Are you a slave to mood eating?

Updated: Aug 23

 

 

Have you ever come home stressed from work and thrown all self-control out the window, headed to your local chip shop, and bought a salty, fatty carb fix? Or have you suffered the anxiety of getting an assignment done in a tight time frame and, to ease your suffering, eaten a half (or whole) tub of ice cream?

 

Whether we are bored, depressed, stressed, or agitated, a soothing response to these emotions is to eat food, and to add the cherry on top of this emotional sundae, food which is far from healthy.

 

A bag of lollies, cake, ice cream, chips, burgers, donuts, half a block of cheese. Salty, fried, sugary, empty calories! I am sorry if I have just triggered your inner will to undo anything healthy you have achieved today, but there is a reason why we do this to ourselves.

 

From an evolutionary view, our bodies are designed to fuel up on energy to manage times of famine and stress. Our body wants to put on weight because, in theory, it doesn’t know when we will experience our next hardship. We want energy fast, so, when we can find high-energy food, we prefer these to low-energy kinds. Therefore, in times of stress you naturally want to carb load as your body can’t distinguish the stress from a predator chasing you and that overdue task.

 

From a phycological point of view, we can often find ourselves getting into this endless loop of feeling bad emotionally, eating unhealthy food, and then feeling bad physically, and on the cycle goes. Additionally, we unconsciously condition ourselves to self-sooth with foods which are comforting, such as the foods we eat during times of celebration and fun.

 

Eating highly refined food does not only make us gain weight, but it can also affect our gut health. We are beginning to understand the important link between the gut and brain and keeping our digestive system and gut bacteria happy seems to have an impact on our mood and mind. Therefore, it is vital during times of stress to eat nutritiously, lots of whole foods high in fibre and other micronutrients, as it can help build up our body to face the hard times.

 

So, how do we rewire our unconscious desires?

 

1. Eliminate temptation

The first step is to prohibit the undesirable food from making it into your house. I know this one seems like a no brainer but there is nothing easier than adding several impulse buys to your cart as you meander through the isles. To overcome this, bring a set shopping list with you to the supermarket and only walk down the isles that are absolutely necessary, forgoing those tempting snack isles.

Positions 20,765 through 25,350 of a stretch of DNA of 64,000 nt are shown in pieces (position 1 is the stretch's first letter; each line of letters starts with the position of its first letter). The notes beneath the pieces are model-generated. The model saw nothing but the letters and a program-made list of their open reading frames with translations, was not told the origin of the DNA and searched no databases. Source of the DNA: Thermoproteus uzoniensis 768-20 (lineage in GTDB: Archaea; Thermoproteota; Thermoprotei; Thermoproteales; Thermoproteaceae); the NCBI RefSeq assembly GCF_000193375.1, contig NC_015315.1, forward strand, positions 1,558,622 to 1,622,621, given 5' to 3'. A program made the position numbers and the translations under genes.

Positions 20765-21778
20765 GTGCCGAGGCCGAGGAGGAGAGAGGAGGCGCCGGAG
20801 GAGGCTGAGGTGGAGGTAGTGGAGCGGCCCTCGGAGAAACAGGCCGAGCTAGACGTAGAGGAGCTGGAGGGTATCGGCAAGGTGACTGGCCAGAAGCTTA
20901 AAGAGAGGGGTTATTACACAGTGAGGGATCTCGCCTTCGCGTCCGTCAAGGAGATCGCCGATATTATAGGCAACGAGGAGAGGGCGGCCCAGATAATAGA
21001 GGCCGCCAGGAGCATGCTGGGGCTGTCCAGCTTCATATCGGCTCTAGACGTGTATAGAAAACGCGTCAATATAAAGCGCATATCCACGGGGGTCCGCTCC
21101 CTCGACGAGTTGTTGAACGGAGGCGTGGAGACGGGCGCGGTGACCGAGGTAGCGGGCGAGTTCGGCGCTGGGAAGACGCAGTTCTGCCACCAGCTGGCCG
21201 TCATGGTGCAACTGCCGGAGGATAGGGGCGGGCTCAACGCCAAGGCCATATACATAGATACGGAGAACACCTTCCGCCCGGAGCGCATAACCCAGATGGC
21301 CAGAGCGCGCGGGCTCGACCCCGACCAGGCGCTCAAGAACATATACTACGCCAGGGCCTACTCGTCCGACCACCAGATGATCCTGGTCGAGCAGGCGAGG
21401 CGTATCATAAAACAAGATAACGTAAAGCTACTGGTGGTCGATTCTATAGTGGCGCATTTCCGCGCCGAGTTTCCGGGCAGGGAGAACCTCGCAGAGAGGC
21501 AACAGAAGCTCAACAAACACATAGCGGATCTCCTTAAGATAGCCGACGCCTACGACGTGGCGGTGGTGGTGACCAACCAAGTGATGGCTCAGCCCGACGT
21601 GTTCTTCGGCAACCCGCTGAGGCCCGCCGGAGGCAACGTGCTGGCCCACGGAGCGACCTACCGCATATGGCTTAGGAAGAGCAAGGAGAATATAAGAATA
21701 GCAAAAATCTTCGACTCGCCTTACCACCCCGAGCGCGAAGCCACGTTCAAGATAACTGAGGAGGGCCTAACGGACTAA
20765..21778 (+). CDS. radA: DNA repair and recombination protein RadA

Another obvious tip, don’t go shopping hungry! This will prevent you from adding that half-priced chocolate bar at the counter which your low blood sugar, having hijacked your brain, will demand you need.

 

If stopping by the take-away or drive through on your way home is an issue, as you are indriving, have a mental think through the ingredients in your fridge, and how desperately you need to cook that packet of mince and zucchinis before they go bad. Think about the savings you will make by preventing wasted groceries, while forgoing that $10 to $20 impulse meal.

 

These affirmations over time can help curb impulses with more logical decisions. Build your will power muscle, the more you resist over time, the more you will condition yourself to learn that you are in control and do not need that unhealthy hit.

 

2. Be prepared

Often when we wander to the cupboards in search of relief, we want to just grab something and go. The healthier items may need a bit more effort to make into something appealing, and you might lack the motivation to do that extra work.

 

Things like veggies and fruit can be pre-prepared when you’re in a more motivated mood. On a good day, cut up a bulk supply of veggie sticks and fruit to keep in the fridge in air-tight containers for a time when you need something to sooth your nerves quick. Just pull out a box and dip in some hummus!

 

Other quick nutritious snack options to consider are tubs of low-fat natural yoghurt, a glass of low-fat milk, unsalted nuts (just a handful, don’t bring the bag with you), cherry tomatoes, sliced low-fat cheese on wholegrain biscuits, wholegrain toast with peanut butter, to name a few.

 

Focusing on snack size portions of these nutritious foods will help nourish your gut, curb hunger, and leave you feeling like you have made progress in taking care of yourself.

 

3. Negotiate

There are ways you can ease yourself into making healthier choices. The key is to slowly nudge your cravings in the right direction without causing too much panic. One method is to simply reduce your portion size. Try a smaller bowl and take a smaller helping. You can also leave the packet in the kitchen as the effort of having to go back into the kitchen for more can be discouraging enough to stay put. This will help cut down calories and regret.

 

Another helpful method is to trick yourself into a healthier alternative. If you are feeling like that chocolate bar, try having a chocolate oat cookie. You still get the chocolate sweet hit, but with a bit more nutrition and less empty calories. Over time you should hopefully become more satisfied with these alternatives and your moods will be satiated.

 

4. Forgive yourself

For those times when you have given into temptation, when nothing else will quell your inner feelings of rage and despair, remember you are only human. Rather than beat yourself up about it after the indulgence, which can cause more emotional distress and low self-esteem, accept that you enjoyed the moment you had with the chocolate bar and it was ultimately worth it.

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